was overheated due to the many projects being developed as a result of the UK ‘s first round of tenders, meaning wind turbines and components came at a higher cost than the previous Horns Rev II tender. A combination of these factors, alongside the context of the GFC, meant that in the end, only one company submitted a bid. DONG Energy won the tender, with a higher price than had been seen at the previ- ous two tenders. The government decided nonetheless to accept the offer to remain on schedule with targets.
One of the most important overriding lessons from this tender was to systematically de-risk the process. A method to achieve this was to include industry in a market dialogue prior to the tender. This allowed industry and government to discuss all matters relating to the tender, which resulted in an adjustment to penalties and greater flexibility in the different milestones in the timeline for the next tender, and ultimately, a lower price. More information on the Danish offshore wind tender model can be found in the Danish Offshore Wind Tender Model (Danish Energy Agency, 2020d).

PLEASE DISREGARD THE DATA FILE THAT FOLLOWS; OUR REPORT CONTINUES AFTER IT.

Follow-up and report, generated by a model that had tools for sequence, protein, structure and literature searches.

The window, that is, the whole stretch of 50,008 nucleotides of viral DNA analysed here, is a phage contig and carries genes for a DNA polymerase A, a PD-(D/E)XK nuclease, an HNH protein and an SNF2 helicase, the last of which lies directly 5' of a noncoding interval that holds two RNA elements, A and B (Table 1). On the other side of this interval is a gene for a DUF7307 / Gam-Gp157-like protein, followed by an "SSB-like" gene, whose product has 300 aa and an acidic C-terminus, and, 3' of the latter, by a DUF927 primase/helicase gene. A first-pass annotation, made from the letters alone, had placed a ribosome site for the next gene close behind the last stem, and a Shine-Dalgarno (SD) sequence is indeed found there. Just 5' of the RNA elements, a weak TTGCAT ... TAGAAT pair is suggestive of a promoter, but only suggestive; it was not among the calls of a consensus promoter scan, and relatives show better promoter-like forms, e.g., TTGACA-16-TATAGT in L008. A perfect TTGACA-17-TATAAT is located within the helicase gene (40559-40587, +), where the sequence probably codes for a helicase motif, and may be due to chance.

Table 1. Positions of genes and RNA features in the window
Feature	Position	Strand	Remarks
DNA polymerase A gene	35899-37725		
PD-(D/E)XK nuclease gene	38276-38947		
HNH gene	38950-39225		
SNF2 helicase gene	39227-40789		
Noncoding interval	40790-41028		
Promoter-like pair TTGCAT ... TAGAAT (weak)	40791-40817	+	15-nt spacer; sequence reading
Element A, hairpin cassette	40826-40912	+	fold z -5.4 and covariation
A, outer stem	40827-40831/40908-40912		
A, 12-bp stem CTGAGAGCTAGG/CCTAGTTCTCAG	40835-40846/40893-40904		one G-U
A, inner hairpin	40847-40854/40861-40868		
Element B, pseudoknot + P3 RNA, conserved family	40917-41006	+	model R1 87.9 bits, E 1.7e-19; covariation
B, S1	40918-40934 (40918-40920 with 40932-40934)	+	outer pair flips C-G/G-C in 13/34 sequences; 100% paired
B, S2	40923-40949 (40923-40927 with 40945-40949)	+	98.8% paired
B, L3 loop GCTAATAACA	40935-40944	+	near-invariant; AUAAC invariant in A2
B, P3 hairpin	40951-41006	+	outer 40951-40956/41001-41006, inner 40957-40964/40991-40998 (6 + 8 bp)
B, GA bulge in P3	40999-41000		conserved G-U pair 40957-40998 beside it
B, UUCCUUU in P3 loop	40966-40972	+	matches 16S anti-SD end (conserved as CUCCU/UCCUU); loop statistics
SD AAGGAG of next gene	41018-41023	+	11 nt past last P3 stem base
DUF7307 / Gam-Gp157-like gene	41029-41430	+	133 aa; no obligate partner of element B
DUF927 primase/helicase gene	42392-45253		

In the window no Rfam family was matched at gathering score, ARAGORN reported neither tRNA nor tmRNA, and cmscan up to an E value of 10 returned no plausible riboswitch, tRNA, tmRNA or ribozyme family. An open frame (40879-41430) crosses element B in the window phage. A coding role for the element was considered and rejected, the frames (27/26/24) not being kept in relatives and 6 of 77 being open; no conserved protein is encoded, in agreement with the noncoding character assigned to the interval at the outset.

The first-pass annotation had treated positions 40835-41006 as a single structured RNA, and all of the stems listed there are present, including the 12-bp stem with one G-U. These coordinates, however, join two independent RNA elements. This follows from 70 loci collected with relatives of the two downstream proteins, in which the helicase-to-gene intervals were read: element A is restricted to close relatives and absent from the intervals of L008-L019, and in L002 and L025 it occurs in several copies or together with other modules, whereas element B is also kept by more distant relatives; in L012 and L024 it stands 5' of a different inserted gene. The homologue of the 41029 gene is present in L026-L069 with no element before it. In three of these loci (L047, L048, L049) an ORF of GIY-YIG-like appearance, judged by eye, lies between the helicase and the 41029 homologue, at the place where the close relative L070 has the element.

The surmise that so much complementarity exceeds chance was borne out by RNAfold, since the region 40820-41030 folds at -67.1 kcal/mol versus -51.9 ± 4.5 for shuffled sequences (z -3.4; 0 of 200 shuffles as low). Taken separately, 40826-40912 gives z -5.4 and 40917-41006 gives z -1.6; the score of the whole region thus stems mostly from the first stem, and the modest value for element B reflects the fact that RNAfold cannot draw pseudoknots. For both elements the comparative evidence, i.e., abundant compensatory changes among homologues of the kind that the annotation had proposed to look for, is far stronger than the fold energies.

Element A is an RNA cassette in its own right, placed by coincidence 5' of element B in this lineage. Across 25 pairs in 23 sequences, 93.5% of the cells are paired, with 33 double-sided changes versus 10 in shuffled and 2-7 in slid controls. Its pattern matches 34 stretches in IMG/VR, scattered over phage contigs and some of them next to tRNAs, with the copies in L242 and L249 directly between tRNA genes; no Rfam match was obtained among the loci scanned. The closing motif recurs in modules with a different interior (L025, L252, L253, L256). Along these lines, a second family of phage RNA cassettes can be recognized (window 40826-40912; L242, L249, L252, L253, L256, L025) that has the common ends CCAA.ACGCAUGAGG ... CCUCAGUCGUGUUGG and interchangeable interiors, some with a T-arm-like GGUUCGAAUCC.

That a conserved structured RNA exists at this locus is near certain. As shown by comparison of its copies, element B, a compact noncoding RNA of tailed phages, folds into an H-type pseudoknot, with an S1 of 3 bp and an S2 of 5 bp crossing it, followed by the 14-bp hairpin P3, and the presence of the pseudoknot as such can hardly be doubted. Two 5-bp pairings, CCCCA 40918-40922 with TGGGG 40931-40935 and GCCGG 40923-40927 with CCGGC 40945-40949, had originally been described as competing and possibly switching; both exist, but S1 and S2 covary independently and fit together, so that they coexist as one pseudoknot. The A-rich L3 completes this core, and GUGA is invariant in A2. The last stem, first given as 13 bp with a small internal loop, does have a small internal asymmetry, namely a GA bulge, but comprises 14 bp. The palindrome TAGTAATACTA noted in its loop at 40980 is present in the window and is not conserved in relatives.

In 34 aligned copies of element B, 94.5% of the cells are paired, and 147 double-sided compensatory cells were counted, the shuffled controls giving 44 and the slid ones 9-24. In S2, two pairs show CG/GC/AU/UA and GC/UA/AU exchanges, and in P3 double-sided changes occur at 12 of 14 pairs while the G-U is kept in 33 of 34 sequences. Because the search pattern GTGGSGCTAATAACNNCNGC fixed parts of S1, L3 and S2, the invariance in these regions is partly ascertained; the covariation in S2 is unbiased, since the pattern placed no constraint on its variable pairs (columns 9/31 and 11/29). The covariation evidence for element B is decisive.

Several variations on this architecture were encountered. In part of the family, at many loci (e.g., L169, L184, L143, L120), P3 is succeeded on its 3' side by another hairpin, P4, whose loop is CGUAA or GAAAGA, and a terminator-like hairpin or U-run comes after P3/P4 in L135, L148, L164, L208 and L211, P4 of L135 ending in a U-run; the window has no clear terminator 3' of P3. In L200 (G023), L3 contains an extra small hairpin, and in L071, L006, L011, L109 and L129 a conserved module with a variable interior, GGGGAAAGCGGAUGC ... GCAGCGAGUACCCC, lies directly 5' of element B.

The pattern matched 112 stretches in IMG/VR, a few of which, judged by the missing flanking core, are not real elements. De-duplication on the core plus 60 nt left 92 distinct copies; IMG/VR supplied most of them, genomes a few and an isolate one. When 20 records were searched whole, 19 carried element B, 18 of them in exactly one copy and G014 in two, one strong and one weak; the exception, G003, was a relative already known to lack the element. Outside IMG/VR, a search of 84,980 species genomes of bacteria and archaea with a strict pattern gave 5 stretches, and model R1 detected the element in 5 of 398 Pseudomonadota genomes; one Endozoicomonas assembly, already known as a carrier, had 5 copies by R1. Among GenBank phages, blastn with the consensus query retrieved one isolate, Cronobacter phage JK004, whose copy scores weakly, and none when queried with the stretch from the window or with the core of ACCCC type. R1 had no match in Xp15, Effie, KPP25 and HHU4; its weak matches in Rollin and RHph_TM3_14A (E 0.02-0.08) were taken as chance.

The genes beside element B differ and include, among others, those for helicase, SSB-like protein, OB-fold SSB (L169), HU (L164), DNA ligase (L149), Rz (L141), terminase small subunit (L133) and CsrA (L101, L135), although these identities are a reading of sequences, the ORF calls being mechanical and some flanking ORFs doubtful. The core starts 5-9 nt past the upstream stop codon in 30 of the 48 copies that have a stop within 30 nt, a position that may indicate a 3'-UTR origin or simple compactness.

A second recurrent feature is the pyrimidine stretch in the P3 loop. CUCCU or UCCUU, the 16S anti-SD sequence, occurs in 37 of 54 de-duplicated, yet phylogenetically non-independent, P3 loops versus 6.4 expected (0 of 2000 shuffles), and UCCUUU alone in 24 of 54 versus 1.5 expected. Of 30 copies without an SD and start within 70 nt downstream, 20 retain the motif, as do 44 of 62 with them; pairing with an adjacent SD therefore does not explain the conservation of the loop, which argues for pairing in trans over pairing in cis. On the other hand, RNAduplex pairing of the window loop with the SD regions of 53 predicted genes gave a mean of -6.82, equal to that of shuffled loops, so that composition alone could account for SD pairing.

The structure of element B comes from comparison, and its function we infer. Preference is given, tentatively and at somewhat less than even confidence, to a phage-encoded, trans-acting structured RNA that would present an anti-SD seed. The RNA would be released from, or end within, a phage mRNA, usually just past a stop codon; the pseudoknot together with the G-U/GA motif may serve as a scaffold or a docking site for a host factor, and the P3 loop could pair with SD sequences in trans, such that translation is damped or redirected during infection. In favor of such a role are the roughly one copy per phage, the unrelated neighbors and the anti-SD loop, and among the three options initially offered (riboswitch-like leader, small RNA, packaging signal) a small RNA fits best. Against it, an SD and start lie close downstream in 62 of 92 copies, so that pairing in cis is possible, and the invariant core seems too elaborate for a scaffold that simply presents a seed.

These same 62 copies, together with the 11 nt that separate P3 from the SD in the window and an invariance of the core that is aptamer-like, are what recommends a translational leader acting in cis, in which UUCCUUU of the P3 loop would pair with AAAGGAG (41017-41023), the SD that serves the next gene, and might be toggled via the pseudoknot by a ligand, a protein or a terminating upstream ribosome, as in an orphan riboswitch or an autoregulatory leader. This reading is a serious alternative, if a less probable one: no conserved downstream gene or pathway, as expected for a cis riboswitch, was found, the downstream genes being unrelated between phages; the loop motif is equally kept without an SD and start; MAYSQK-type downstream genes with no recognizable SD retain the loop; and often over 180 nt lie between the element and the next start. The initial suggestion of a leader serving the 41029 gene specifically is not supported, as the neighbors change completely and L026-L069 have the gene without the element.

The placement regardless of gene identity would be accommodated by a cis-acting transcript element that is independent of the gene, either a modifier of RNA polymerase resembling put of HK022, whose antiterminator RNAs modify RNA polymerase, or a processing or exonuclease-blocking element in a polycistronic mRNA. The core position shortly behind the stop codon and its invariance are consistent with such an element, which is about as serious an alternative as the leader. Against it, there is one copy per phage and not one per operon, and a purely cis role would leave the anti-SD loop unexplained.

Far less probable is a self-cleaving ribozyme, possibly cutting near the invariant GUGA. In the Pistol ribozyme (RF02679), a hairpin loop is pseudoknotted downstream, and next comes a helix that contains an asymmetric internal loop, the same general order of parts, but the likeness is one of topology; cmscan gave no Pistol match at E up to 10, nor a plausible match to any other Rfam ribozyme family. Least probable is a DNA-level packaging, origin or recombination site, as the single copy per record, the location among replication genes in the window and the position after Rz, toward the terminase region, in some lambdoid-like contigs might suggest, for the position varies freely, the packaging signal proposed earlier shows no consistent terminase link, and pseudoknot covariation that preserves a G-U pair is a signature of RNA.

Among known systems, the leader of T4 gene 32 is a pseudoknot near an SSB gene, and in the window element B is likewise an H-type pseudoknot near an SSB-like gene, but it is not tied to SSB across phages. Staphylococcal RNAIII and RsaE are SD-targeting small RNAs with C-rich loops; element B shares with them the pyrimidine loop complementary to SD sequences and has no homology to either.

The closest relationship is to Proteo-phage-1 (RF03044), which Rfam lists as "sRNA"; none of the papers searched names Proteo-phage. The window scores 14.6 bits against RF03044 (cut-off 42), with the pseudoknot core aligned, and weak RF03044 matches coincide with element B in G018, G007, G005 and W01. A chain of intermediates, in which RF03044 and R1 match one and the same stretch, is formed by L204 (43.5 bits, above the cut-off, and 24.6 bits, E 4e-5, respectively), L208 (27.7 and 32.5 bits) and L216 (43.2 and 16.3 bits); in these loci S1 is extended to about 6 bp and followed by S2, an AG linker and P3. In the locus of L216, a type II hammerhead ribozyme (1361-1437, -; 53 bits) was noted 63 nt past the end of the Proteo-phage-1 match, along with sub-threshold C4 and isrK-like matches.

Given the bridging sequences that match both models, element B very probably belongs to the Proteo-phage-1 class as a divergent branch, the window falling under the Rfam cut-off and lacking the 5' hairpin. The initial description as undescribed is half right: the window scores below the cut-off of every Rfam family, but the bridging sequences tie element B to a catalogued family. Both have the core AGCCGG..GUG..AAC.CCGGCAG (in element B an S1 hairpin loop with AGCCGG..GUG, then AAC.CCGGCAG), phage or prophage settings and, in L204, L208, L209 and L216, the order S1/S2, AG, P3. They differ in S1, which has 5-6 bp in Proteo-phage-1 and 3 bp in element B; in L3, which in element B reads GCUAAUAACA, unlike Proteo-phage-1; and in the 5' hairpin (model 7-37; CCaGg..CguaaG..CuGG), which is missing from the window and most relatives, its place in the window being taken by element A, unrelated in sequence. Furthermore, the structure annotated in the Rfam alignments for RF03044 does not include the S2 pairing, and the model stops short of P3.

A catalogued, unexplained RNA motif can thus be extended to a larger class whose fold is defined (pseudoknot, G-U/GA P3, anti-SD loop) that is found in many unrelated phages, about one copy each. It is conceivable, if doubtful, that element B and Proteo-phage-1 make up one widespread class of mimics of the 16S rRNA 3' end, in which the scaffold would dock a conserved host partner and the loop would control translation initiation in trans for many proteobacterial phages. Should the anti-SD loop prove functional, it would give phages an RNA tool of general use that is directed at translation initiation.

Offshore wind auctions by prices and years in Denmark. The size of the bubble is in relation to the capacity of the project. Note 1 DKK ≈ 0.13 EUR as of 2021.
Credit rating downgraded 2012 2014
Financial restructuring of company 2015
Takeover of US offshore wind development project
Investment decision on Hornsea 1, largest 2016
wind farm in the world at 1.2 GW 6 areas are reserved for future 2012
offshore wind farm auctions
In 2011, the Danish government published the Energy Strategy agreement, “Energistrategi 2050”, with ambitions to become free of fossil fuels by 2050. This led to the ener- gy agreement “Our Energy”, which was published in late 2011. The agreement aimed to expand the development of renewable energy, especially as regards to wind, biomass and biogas, and was designed to replace coal and natural gas with biomass in CHPs, with a focus on greenhouse gas reductions (GHGs); specifically, a reduction of 40 per cent by 2020 compared to 1990 levels, and targets that wind should generate 50 per cent of Denmark’s electricity by 2020 and that by 2035, the heating and electricity sectors should be supplied by renewable energy only. Denmark also announced it would completely phase out coal by 2030.
This landmark goal was subsequently adopted by several European countries, such as the UK deciding in 2015 that coal should be phased out by 2025, France in 2016 to stop using coal by 2023, as well as Portugal and Finland by 2030.